There is no double standard here. You're simply seeing one because you wish to.
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  9. #114
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    Quote Originally Posted by Kid Kamikaze10 View Post
    And that goes along with what my problem with Cho's response. Colorblindness is not a good thing, and I'm sick of people acting like it is. That implies ignorance or just not wanting to learn or understand the numerous and varying struggles and cultures of POCs. And when you insist on writing a character "colorblind" even if you make an exception for "race motivated stories" you are outright avoiding a character trait. Probably because you are uncomfortable in handing it maturely. And maturely means not just saving it for a PSA like story, but integrating in into the character as if it's just another aspect of their characterization.
    To be fair, I would factor in context and the writer's skill level.

  10. #115
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    Quote Originally Posted by B. Kuwanger View Post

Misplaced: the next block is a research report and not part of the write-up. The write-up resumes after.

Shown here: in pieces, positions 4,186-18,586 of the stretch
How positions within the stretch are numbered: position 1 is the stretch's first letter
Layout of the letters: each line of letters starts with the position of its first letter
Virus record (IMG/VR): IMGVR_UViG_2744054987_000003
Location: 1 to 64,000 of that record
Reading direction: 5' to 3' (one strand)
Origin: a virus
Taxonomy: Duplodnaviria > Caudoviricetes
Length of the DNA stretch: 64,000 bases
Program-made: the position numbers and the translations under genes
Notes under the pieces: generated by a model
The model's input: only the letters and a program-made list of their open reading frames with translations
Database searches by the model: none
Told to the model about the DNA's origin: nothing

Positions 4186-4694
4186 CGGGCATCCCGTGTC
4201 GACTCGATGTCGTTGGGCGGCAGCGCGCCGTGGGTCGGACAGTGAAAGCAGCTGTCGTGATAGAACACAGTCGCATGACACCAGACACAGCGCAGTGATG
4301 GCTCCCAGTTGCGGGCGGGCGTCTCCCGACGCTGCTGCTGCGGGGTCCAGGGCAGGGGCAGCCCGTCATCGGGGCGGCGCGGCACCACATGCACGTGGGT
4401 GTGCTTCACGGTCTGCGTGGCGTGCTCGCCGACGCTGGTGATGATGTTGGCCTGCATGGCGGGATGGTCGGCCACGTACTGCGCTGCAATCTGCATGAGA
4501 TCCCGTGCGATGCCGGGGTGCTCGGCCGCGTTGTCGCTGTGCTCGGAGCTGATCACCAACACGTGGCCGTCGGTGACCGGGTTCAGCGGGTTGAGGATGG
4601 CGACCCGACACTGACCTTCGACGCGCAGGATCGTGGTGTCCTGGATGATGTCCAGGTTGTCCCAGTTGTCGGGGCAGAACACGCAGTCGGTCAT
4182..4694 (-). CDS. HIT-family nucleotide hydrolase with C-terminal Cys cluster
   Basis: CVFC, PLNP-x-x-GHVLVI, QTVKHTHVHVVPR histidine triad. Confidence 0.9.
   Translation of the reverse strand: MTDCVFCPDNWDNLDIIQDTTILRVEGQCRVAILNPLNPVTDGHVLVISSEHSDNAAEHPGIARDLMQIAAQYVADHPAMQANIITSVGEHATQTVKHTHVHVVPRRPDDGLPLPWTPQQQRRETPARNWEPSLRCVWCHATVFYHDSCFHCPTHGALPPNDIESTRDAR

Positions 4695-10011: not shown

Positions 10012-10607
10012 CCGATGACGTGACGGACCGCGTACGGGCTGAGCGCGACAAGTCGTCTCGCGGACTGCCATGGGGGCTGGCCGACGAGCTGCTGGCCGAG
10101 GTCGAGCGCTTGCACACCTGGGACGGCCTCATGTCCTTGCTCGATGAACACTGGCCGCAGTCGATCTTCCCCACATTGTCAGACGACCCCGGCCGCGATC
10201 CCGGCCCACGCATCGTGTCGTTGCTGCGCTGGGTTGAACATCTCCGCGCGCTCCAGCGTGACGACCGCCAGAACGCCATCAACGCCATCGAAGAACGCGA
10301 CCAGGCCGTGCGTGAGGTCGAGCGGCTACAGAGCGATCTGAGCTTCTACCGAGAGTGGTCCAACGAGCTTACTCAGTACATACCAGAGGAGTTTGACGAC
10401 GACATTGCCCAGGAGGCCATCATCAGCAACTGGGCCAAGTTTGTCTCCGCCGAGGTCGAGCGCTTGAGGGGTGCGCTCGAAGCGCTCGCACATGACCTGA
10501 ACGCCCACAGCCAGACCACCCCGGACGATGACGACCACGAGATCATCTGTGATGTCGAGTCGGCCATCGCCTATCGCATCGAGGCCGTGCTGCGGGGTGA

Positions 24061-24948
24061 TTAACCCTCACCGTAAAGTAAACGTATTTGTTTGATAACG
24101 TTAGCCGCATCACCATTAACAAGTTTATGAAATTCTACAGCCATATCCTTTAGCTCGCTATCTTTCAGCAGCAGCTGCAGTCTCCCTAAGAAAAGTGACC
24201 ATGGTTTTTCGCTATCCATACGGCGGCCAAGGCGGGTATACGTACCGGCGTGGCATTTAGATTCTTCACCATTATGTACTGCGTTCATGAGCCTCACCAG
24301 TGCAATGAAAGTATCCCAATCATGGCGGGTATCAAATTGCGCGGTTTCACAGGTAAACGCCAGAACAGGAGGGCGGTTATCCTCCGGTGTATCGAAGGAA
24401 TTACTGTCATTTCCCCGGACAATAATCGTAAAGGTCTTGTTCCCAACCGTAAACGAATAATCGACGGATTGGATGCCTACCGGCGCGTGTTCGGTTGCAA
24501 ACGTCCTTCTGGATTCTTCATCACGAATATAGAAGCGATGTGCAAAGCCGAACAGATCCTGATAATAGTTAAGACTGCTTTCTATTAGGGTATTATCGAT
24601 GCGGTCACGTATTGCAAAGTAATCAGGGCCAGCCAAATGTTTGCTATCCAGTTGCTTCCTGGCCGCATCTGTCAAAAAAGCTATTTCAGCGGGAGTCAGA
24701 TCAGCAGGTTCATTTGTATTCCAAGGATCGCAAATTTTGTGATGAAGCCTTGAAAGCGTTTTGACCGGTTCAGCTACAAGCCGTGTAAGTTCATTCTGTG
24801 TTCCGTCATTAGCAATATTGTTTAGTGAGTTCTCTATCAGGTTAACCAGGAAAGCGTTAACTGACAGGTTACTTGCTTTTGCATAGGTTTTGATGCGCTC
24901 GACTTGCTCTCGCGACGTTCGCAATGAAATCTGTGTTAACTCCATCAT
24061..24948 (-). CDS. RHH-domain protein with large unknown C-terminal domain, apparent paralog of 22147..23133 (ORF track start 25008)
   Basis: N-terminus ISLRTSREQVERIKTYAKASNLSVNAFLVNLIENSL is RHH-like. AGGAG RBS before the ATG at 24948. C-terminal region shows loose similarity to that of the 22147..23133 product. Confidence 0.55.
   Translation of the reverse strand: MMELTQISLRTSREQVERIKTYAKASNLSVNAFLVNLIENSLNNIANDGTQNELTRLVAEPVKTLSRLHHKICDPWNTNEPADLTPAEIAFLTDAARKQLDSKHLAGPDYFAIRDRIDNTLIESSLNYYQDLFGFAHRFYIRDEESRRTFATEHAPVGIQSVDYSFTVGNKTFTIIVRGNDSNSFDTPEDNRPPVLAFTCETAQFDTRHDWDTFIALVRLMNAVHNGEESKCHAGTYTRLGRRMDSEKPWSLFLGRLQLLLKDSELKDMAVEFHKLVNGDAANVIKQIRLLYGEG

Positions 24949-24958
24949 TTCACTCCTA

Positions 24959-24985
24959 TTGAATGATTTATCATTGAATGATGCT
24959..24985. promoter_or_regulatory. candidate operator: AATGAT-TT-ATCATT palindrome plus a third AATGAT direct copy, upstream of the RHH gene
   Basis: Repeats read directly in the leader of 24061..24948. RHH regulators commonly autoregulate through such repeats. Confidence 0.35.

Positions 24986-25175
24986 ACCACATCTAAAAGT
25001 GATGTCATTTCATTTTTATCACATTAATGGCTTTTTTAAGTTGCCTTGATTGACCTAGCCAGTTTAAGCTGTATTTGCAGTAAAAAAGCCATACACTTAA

To be fair, I would factor in context and the writer's skill level.
    Yeah, I agreed.
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  11. #116
    Completely sauced... klinton's Avatar
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    Quote Originally Posted by Kid Kamikaze10 View Post
    Colorblindness is not a good thing, and I'm sick of people acting like it is. That implies ignorance or just not wanting to learn or understand the numerous and varying struggles and cultures of POCs. And when you insist on writing a character "colorblind" even if you make an exception for "race motivated stories" you are outright avoiding a character trait. Probably because you are uncomfortable in handing it maturely. And maturely means not just saving it for a PSA like story, but integrating in into the character as if it's just another aspect of their characterization.
    Umm...isn't the goal here equality? I mean, that's what I thought it was. The idea that Captain America should be interchangeable with Black Panther, ect, without race being a factor? Isn't that the very defenition of colour blindness?

    Forgive me, seriously, if I'm missing something here...but what character trait is being overlooked by wishing to see characters as equals?